Alchemilla mollis

Droplets of water on Alchemilla mollis leaves.
  • Common name: Lady’s mantle
  • Type:  Clump forming herbaceous perennial
  • Height and spread: 50 cm
  • Aspect: Any
  • Hardiness: Fully hardy 
  • Care: Easy

Alchemilla mollis  is a cottage garden favourite, grown for its clusters of dainty sulphur yellow flowers on long slender stems.

Want to find them at Reveley?  Look for its nodding head of yellow flowers everywhere, it self seeds freely, brightening many of the garden’s borders.

Alchemilla for all its dainty appearance is a tough plant, happy in shade, half shade and full sun, and any aspect, exposed or sheltered.  Winter hardy, soil sandy or clay, neutral or acid, but must be moisture retentive and well drained. 

The leaves, appearing before the flowers, are just as attractive as the dainty flowers, forming a clump of soft hairy, light green leaves with scalloped edges.

Alchemilla is generally pest and disease free, it is a common sight in many gardens, but what is there not to like about this easy to care for and pretty plant?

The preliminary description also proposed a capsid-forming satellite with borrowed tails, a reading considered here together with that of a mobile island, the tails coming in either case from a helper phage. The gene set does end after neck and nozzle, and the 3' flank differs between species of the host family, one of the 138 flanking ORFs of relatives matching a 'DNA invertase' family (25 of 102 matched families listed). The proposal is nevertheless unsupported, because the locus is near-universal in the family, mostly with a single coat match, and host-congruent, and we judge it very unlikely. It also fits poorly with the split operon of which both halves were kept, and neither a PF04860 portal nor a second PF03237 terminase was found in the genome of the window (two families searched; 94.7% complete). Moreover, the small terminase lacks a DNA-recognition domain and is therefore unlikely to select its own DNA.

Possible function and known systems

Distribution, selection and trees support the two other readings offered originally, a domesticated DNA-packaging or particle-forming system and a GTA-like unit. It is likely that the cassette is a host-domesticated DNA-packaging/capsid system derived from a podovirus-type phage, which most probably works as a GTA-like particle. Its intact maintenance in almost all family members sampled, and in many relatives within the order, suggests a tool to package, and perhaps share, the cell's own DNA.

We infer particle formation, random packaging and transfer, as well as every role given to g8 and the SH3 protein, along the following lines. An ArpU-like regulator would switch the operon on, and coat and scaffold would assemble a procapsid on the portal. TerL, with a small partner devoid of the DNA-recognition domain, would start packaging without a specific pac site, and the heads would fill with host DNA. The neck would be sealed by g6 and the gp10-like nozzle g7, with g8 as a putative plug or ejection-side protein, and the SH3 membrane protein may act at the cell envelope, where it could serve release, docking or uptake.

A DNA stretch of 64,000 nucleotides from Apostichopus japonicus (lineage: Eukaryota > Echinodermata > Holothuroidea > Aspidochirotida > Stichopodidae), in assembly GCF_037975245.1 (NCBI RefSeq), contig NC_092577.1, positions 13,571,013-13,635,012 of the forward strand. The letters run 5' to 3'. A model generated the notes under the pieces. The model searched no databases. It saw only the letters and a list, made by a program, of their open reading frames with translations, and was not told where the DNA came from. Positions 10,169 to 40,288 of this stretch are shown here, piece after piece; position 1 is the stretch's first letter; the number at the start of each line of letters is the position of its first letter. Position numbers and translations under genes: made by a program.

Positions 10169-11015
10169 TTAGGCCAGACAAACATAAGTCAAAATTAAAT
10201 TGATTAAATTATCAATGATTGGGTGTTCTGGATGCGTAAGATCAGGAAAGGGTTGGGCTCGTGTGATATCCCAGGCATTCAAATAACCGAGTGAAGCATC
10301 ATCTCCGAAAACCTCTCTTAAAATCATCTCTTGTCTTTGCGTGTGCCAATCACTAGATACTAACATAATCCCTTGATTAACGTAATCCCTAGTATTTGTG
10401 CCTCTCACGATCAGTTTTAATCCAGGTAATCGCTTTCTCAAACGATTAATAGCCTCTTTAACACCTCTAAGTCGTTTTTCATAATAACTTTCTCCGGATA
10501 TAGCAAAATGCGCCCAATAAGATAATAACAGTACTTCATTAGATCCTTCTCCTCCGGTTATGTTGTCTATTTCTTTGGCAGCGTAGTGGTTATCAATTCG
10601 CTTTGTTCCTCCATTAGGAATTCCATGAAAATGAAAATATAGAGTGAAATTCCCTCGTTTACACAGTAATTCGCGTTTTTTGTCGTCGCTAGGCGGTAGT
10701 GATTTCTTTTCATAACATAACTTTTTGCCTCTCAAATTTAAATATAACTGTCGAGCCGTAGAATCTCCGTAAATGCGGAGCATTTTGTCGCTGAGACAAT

Care: Sow seeds in spring, or divide clumps in autumn or spring.  Cut back flowers and foliage when plants become untidy to encourage new growth.  Unwanted plants can be easily pulled out, with no taproot left behind or creeping rhizomes to worry about.

Use: In flower borders, cottage garden planting, informal planting, with roses, grow Alchemilla  in a cutting garden to use as a filler flower for extra zing in bouquets.

Following a shower of rain the leaves of Alchemilla, like a cupped hand, will hold a droplet of water, which will glisten, almost silver in the sunshine. In bygone days, alchemists believed these droplets of water to be the purest form of water and used them in their experiments to turn base metal into gold.  Alas they failed, but their legacy lives on in the name of the plan.